[Critique] “Arlette”, a project full of pitfalls

In a key scene of the film Arlette, Mariloup Wolfe’s third feature film, Maripier Morin, adorned in a glittering corset, knickers, collar and royal blue cape, is photographed on a throne, scepter in hand. The image, which can be found on the cover of a news magazine, is titled “La culture, c’est moi”, in reference to the apocryphal expression “l’Etat, c’est moi” attributed to Louis XIV.

This anecdote alone could sum up what the makers of the film tried to create: a satire shot through with reference images, in which social criticism is enriched with a good dose of erudition and intertextuality, without losing sight of an audience hungry for laughter and entertainment .

Suffice it to say that they worked hard to dig their own abyss as ambition was huge and full of traps.

Arlette Saint-Amour (Maripier Morin), a designer and fashion magazine editor, is asked by the Quebec Premier to rejuvenate his government’s image. Manipulated like a pawn on a chessboard, she finds herself overnight as Minister of Culture – “minister for nothing”, as we like to remind her in the National Assembly.

Without counting the audacity and determination of the young woman. In just a few months, thanks to her looks and openness, she manages to inspire a genuine enthusiasm for culture, promoting artists and books, regardless of the budget, neoliberal beliefs and the immense power of her financial peer. Then a merciless struggle begins between two worldviews, two personalities and two generations – a struggle dictated by the power of image and clout.

The premise doesn’t do things by halves to demonstrate the challenges and prejudices faced by a woman projected into a masculine environment while flaunting the absurdities that reign in the political world. That boys clubs, sexism, misogyny, the burden of beauty, neoliberalism, zero deficit, corruption of the elite and artist hypocrisy are addressed at one point or another. The reflections, while interesting, deserve to be dug deeper.

Extravagance versus truth

Filmed in the corridors of the National Assembly, the film tries to embrace superficiality in order to nourish it better, in particular by multiplying the parallels between the political universe of Quebec and the courtyard of the Palace of Versailles or, coincidentally, Buckingham .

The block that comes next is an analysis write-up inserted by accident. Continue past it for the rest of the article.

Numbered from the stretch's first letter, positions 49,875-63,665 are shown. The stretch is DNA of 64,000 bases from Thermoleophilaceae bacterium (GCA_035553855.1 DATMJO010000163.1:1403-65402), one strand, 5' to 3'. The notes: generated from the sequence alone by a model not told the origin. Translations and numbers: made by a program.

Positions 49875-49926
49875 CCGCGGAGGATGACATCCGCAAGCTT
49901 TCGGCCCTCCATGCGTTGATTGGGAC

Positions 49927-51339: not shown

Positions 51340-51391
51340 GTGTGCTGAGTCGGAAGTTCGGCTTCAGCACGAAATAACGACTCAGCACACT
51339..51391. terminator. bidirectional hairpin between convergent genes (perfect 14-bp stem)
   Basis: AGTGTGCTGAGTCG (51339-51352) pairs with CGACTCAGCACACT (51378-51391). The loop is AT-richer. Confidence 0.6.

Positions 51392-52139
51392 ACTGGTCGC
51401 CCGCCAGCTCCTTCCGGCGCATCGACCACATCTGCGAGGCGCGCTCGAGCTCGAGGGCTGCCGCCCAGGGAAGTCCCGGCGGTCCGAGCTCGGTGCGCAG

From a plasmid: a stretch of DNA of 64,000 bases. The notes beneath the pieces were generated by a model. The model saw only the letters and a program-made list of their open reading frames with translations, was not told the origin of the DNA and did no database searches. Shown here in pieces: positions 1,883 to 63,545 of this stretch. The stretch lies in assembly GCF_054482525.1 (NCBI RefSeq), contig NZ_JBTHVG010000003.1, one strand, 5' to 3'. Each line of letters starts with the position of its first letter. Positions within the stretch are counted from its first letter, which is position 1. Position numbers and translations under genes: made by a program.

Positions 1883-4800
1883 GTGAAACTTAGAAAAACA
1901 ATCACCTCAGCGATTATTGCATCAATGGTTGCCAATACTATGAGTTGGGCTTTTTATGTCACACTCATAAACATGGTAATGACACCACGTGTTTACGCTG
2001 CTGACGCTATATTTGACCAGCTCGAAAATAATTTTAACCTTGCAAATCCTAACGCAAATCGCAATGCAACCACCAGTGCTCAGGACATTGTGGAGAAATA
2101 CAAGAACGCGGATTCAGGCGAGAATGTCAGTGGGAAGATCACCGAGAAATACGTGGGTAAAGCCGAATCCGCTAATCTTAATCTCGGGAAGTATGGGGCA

Baroque, expressive and grandiose arias by Vivaldi, Bach and others open the scenes; they are crowned – something like Bridgeton, the hit Netflix series – with the imposing and haunting voice of Gilbert Sicotte. The sets and costumes are extravagant. The camera lingers on the grandiose frescoes, multiplies the dizzying long shots and uses the subdued lighting to sublimate the place without, however, allowing the austerity of the Blue Room to be completely forgotten.

The story also struggles to avoid the pitfalls of the cartoon in order to provide the substance and inwardness that would allow audiences to relate to (or at least engage with) the characters’ quest. Even the heroine only has scenes scattered here and there – and all in all not very useful – to give an insight into her background, values ​​and personal life. Ironic for a film that tries to explain the gap that exists between the woman and the politician.

People’s choice

Despite everything, Mariloup Wolfe manages to immortalize moments of truth in his direction and to highlight the talent of actors of the caliber of Paul Ahmarani, Antoine Bertrand and Benoît Brière. In the title role, Maripier pulls Morin out of the game and displays a naturalness that overshadows the woman behind the actress.

However, this deletion is short-lived. Once the credits wrap and attention returns to the star, it’s difficult not to see the character of Arlette as a mirror held up to the actress – who has been a target of accusations in recent years in retirement sexual harassment, physical assault and racism – as well as society.

By putting the actress’ talent above her personal story, the production deliberately asks the audience: Can we separate the art from the artist? We’ll see the answer in space.


★★ 1/2

Drama by Mariloup Wolfe. With Maripier Morin, Gilbert Sicotte, David La Haye, Paul Ahmarani. Canada, 2022, 118 minutes. indoors

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